Poor resistance to temperature changes and to drought – Poor potassium uptake will result in less water circulation in the plant. This will make the plant more susceptible to drought and temperature changes.
Defoliation - left unattended, potassium deficiency in plants results in plants losing their leaves sooner than they should. This process might become even faster if the plant is exposed to drought or high temperatures. Leaves turn yellow, then brown and eventually fall off one by one.

Other symptoms of Potassium deficiency:
  •   Poor resistance to pests
  •   Weak and unhealthy roots
  •   Uneven ripening of
           3.0Nitrogen Management
Nitrogen is one of the most important essential elements for plants and is required in comparatively large amounts.
Successful nitrogen management can optimize crop yields and increase profitability while minimizing nitrogen losses to the environment. However, nitrogen management is unique and might be a complex task.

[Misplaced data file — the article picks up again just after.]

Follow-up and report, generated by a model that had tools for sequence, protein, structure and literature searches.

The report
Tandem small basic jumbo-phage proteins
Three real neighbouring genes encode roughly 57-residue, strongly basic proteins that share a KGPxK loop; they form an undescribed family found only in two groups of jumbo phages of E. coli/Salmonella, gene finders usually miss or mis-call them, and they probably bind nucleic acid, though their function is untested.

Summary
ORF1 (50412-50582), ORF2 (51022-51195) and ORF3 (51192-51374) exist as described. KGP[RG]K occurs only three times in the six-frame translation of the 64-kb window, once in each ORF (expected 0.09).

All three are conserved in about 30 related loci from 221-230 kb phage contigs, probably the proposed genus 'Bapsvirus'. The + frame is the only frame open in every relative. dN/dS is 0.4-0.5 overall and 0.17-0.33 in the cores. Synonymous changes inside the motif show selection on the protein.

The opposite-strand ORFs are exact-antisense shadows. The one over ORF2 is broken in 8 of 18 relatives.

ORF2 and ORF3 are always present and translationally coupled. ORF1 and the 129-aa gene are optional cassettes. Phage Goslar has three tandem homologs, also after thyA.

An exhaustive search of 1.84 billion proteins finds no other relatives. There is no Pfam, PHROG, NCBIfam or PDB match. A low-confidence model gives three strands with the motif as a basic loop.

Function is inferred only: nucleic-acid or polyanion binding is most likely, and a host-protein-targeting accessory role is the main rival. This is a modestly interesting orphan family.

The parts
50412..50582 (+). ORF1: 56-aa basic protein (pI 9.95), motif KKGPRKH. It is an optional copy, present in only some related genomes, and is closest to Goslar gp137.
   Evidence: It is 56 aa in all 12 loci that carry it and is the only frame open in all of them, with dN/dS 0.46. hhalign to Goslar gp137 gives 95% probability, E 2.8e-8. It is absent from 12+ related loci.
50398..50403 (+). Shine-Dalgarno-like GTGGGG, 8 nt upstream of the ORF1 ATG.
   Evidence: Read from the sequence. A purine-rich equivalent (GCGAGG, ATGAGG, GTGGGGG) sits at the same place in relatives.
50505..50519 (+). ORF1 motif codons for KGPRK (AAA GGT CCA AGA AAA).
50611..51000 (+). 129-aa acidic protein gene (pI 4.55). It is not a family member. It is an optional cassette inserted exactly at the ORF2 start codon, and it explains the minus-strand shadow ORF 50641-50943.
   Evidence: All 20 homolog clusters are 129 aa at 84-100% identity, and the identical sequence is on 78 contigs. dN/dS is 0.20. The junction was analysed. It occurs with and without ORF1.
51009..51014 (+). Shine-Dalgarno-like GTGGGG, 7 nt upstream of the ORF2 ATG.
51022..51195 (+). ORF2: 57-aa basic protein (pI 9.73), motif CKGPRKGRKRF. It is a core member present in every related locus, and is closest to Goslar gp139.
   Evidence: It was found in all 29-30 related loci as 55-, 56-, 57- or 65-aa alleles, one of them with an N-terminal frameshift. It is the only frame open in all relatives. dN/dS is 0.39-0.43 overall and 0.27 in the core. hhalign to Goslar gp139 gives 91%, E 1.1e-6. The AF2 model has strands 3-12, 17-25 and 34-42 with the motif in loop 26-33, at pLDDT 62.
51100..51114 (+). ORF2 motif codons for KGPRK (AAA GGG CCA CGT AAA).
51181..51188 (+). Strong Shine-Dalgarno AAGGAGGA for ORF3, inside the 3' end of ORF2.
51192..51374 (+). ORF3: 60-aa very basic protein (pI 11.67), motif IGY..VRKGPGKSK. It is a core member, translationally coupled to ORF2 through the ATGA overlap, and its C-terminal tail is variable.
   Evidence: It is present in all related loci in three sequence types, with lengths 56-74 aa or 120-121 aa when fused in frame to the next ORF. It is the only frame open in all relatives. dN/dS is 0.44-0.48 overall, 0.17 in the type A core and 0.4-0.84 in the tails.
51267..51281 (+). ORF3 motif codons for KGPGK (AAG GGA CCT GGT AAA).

Nitrogen disorders in plants
Nitrogen deficiencies might result in stunted growth, chlorotic leaves and significantly reduced yield.

Excess of nitrogen might result in poor root system, soft tissue, delay in harvestable products, low quality yield and higher susceptibility to disease and pests.

Nitrogen is mobile within the plant and, therefore, deficiency symptoms are expressed on older leaves.

Nitrogen deficiency symptoms

Nitrogen sources and available forms
Nitrogen behavior is complex and it is determined by many physical, chemical and biological processes. These processes are very much affected by environmental factors.

Natural nitrogen is present mainly in air and soil.

Atmospheric nitrogen - The atmospheric nitrogen is a major reservoir of nitrogen, but it is unavailable to most plants. Only legume plants can use atmospheric nitrogen in biological processes that involve bacteria. Small amounts of nitrogen are deposited by rain.

Soil nitrogen – most of the nitrogen in soil is contained in organic matter. The organic matter is relatively stable and it is not directly available to plants.